Where did Earth’s water come from? The origin of water on Earth, or the reason why there is more liquid water on Earth than on the other rocky planets in our Solar System, is unknown. There are numerous more or less mutually compatible solutions to the mystery of how water may have pooled on Earth’s surface over the past 4.5 billion years, in sufficient amounts, to create our world’s deep, churning, frothing oceans. A new study, published in the May 20, 2019 issue of the journal Astronomy & Astrophysics proposes that water was delivered to Earth by one particular family of comets–the hyperactive comets–that contain water similar to that on our own planet.
In order to trace the origin of Earth’s water, the team of international astronomers studied the isotopic ratios, particularly the ratio in terrestrial water, of deuterium to hydrogen. This is known as the D/H ratio (deuterium is a heavier form of hydrogen). As a comet travels towards our Sun, and its ice sublimates to gas, this water vapor can then be analyzed by remote observations. However, the D/H ratio of comets measured so far have generally shown to be twice to three times that of ocean water. This suggests that comets only delivered approximately 10% of our planet’s water.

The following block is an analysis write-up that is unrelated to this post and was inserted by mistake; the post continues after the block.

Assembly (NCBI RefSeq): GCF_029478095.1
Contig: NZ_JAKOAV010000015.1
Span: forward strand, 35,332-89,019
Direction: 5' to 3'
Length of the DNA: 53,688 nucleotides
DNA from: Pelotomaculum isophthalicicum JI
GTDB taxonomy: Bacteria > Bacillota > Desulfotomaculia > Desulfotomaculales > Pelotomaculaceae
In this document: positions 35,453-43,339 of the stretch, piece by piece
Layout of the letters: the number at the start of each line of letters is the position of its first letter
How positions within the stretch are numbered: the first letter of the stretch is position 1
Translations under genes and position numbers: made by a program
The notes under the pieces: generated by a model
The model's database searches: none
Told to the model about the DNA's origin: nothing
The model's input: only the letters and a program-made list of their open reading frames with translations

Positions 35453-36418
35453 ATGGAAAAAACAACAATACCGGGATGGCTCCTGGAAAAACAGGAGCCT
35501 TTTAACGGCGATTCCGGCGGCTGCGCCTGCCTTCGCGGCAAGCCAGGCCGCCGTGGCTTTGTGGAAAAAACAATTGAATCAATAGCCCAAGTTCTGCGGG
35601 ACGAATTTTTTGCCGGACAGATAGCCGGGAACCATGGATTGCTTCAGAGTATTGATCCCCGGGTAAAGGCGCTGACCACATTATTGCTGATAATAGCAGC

When comet 46P/Wirtanen wandered towards Earth in December 2018, it was analyzed using the SOFIA airborne observatory carried aboard a Boeing aircraft. This was the third comet found to display the same D/H ratio as Earth’s water. Like the two previously studied comets, it belongs to the family of hyperactive comets. When hyperactive comets travel towards our Sun, they release more water than the surface area of their nucleus should permit. This excess water is produced by ice-rich particles in their atmosphere.
Fascinated by the findings, the team of astronomers calculated the active fraction (the fraction of the nucleus surface area required to produce the amount of water present in their atmosphere) of all comets with a known D/H ratio. They found that there was an inverse correlation between the active fraction and the D/H ratio of water vapor: the more a comet tends towards hyperactivity–an active fraction exceeding 1–the more its D/H ratio decreases and becomes more like that of water on Earth.
The new research shows that hyperactive comets, whose water vapor is partly obtained from icy grains shot out into their atmosphere, possess a D/H ratio similar to that of Earth’s water. This is unlike other comet families whose gas halo is formed only by surface ice. The researchers propose that the D/H ratios measured in the atmosphere of the latter are not necessarily representative of the ice present in their nucleus. If this theory is correct, the water in all cometary nuclei may, indeed, be very similar to Earth’s water. This discovery could reopen the debate on the origin of our planet’s vast oceans.